V(x) = (VG-VT) - [(2IDS/mZCox)(x0-x)]1/2
As boundary conditions we now take:
    1: The voltage at the source is 0; the charge is Cox (VG-VT)
    2: The voltage at the drain is V(L) = VDS
The result is

IDS = m(Z/L) Cox [(VG-VT)VDS - (1/2)VDS2]
which is equal to what we found for the linear region, except for the term VDS2 which becomes important only when we approach saturation. When we susbtitute VDS << VG-VT we get the equation for the linear region. When we substitute the saturation condition VDS = VG-VT we reproduce exactly the equation for saturation currents.
IV curves
Transfer curves
Examples of IV curves (IDS vs. VDS; left) for different gate voltages and transfer curves (IDS vs. VG; right) for different drain-source voltages. VT = 2 V.

For completeness sake and for later reference, here are the charge distributions and voltage curves for the different regimes, ranging from 1) equilibrium, 2) linear regime, 3) onset of saturation, 4) in saturation.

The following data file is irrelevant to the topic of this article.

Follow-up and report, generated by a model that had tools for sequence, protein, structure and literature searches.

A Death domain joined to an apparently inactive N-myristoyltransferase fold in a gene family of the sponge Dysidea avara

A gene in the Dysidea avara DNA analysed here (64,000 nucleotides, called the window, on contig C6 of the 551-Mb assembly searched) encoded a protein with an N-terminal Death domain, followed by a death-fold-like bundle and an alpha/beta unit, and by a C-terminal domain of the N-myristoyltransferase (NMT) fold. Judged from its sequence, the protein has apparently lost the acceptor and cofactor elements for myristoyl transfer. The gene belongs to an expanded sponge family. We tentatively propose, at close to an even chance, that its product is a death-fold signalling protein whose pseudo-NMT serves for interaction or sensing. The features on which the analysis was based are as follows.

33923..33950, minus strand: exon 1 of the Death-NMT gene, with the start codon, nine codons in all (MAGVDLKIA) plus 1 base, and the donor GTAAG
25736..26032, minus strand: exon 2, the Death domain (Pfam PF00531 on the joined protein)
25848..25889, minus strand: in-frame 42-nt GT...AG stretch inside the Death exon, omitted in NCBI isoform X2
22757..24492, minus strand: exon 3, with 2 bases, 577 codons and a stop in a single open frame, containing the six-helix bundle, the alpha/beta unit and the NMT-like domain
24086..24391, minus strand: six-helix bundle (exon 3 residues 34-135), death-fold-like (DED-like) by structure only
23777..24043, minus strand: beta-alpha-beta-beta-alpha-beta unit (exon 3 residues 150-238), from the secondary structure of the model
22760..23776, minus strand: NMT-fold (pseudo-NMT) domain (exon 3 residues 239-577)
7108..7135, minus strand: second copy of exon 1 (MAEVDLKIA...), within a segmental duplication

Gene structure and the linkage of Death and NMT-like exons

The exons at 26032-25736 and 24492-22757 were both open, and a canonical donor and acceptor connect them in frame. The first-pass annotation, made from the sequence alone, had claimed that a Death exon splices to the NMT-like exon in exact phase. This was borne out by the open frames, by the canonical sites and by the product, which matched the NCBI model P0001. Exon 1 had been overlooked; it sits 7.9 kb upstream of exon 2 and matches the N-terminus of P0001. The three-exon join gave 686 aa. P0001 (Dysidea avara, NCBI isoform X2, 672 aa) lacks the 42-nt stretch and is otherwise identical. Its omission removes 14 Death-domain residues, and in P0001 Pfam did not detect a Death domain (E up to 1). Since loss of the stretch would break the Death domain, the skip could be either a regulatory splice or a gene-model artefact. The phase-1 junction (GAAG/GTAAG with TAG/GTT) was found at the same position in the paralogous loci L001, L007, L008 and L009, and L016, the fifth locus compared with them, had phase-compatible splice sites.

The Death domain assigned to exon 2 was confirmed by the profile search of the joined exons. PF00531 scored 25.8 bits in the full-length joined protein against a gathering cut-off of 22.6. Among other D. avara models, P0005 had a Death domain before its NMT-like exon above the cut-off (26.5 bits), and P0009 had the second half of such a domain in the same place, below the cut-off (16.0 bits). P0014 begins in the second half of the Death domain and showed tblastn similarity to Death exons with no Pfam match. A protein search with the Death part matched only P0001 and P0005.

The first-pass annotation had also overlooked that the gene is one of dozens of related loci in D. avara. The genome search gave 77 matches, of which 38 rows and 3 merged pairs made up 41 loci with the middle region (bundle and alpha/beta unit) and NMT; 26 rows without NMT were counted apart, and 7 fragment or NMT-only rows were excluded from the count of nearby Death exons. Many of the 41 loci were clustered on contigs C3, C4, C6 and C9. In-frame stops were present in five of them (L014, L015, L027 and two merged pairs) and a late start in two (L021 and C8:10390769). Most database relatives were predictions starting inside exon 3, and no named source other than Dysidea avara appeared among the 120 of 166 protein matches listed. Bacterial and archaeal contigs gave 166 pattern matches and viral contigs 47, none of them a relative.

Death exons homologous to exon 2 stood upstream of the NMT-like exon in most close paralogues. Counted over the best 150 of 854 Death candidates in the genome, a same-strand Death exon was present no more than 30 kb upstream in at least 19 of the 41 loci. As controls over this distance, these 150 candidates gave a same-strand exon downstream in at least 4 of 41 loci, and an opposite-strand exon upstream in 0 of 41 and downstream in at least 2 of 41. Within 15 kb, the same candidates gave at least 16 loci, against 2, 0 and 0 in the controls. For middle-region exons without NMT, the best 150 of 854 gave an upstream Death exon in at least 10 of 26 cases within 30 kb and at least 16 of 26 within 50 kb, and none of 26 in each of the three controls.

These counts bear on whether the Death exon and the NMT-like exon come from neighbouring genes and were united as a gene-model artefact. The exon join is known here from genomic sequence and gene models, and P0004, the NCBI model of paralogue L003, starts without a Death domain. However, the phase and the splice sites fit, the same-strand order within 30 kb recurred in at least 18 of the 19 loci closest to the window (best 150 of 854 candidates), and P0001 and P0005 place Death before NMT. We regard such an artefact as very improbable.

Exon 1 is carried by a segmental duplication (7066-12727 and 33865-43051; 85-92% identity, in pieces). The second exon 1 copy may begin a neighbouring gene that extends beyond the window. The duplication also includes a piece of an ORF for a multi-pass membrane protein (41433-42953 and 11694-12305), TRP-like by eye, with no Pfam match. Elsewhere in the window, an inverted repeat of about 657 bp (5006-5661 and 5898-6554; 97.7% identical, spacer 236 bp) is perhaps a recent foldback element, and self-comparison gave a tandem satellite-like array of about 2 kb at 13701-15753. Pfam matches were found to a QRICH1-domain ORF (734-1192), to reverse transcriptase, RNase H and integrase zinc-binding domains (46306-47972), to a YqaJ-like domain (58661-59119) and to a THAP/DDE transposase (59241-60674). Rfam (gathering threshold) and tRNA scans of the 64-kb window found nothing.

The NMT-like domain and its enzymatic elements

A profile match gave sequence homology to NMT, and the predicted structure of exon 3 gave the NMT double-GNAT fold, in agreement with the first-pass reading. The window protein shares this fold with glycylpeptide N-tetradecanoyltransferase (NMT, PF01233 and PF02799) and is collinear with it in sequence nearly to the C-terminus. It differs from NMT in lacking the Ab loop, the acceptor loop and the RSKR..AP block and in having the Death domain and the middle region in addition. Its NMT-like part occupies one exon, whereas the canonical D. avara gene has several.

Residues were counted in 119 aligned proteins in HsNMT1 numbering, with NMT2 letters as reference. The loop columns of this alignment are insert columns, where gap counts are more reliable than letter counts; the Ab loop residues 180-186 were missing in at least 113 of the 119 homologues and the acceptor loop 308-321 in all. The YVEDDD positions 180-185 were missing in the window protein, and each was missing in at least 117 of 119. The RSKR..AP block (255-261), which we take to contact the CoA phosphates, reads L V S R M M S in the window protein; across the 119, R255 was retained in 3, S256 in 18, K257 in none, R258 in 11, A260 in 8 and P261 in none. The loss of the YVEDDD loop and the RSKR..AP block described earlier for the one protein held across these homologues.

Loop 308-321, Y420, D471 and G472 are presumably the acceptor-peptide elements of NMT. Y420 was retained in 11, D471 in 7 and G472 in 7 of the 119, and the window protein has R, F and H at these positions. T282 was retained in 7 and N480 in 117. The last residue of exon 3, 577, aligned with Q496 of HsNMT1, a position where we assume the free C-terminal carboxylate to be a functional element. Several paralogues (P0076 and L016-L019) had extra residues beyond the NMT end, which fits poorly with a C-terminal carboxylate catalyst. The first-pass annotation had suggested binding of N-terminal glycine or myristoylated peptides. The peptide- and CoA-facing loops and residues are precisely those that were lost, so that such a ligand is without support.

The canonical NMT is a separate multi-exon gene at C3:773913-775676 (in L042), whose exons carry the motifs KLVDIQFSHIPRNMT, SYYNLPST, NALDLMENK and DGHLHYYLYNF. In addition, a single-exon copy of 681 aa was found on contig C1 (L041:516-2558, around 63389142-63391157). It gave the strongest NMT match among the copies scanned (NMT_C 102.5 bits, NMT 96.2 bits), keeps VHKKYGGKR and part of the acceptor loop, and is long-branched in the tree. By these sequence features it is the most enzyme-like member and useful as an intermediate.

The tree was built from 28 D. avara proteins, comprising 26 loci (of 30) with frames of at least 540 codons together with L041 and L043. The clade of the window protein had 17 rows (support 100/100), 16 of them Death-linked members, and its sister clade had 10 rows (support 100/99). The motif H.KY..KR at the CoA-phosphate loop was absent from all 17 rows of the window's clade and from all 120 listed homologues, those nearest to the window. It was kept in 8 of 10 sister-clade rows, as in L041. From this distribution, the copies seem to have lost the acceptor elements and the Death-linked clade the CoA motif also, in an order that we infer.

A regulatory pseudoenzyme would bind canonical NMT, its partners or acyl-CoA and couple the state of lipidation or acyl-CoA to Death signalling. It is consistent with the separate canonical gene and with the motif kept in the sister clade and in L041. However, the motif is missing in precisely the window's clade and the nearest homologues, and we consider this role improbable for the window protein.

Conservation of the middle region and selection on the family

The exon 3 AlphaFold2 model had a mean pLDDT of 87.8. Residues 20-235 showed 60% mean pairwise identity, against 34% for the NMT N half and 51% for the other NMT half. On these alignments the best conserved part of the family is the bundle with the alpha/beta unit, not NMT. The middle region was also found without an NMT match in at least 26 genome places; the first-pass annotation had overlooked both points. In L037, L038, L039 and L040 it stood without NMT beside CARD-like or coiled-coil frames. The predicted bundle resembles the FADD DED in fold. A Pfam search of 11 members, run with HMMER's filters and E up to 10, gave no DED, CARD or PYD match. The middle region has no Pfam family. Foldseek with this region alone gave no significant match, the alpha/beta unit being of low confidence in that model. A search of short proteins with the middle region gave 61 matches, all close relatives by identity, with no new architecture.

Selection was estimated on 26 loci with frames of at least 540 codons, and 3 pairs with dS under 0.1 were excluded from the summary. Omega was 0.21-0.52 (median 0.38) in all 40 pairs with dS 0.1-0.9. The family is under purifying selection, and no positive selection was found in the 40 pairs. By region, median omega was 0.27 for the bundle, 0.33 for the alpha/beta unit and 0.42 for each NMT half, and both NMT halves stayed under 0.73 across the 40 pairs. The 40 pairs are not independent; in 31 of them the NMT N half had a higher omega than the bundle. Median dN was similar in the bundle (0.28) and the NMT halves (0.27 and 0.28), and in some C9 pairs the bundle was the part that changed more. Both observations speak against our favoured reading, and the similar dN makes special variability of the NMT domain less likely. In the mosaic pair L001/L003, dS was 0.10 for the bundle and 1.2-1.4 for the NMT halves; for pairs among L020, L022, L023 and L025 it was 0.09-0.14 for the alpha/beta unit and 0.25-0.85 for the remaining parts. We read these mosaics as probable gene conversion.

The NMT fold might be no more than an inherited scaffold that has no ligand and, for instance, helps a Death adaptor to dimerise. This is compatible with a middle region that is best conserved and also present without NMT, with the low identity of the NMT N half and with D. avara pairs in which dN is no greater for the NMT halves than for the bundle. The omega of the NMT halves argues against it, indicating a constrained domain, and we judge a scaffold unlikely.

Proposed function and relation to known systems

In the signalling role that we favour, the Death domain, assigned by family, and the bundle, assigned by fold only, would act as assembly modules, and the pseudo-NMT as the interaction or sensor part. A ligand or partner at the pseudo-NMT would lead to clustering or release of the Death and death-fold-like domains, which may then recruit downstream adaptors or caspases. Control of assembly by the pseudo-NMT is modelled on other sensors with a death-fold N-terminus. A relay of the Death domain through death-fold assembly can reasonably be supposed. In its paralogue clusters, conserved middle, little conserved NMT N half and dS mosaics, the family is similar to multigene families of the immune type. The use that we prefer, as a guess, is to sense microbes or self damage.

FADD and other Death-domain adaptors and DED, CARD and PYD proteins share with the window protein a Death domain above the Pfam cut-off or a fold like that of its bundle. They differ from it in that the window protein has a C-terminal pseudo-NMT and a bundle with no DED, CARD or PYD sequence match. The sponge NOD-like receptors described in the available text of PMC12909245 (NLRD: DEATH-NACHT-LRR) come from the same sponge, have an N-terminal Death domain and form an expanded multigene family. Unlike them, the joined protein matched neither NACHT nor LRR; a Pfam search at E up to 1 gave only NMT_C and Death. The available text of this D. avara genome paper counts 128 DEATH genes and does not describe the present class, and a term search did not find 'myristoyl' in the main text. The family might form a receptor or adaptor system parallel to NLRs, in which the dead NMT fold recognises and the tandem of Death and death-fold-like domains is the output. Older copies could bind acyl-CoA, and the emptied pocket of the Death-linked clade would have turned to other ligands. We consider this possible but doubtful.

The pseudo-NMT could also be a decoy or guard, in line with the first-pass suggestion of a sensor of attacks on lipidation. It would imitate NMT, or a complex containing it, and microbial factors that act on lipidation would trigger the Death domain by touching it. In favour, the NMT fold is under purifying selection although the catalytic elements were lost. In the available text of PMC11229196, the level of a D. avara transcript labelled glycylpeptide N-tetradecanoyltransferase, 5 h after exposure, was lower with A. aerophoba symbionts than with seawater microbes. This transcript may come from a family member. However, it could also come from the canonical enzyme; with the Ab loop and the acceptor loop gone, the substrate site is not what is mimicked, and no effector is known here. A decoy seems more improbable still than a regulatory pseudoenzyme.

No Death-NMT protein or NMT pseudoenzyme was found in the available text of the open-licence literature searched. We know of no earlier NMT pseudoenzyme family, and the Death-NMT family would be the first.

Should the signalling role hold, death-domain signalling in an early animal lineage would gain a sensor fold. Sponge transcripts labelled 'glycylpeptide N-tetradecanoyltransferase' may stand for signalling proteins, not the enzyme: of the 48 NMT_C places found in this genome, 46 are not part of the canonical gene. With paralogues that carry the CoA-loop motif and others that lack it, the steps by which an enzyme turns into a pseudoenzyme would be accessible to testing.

No bias
Linear regime
Onset saturation
VDS = 0 V
onset of SAT

Contact resistance

In the above discussion it was assumed that the injection of carrier is not a limiting factor. In other words the contacts were considered low-ohmic However, the contacts can cause a severe barrier for the injection of carriers. The most obvious one is when at the electrodes a high-resistive region is formed. This causes the current to grow sub-linearly in the linear region. This can easily be shown in a simulation.
For strong currents, the contact resistance can become the limiting factor and the current saturates and becomes independent of VG: We have to imagine that the FET is made up of two contact resistances (2Rc) and the channel resistance, connected in series. Initially the current grows linear with VG (as explained by the text above). The channel resistance is thus proportional to 1/VG.For large VG the channel resistance disappears and the current settles at VDS / 2Rc.
More exact: when the current is increasing, the contact resistance induces a voltage drop at the source, Vs = Ids*Rc, the field at the source (Vgs) is reduced and the current drops (external observables in bold):
Contact   Vs = IdsRc
     Vd = Vds - Ids Rc
     Vgs = Vg-Vs
     Ids = mCoxZ/L (Vgs -VT) (Vd -Vs )


Contact simulation

Transfer curves

Contact simulation

IV Curves

Other contact effects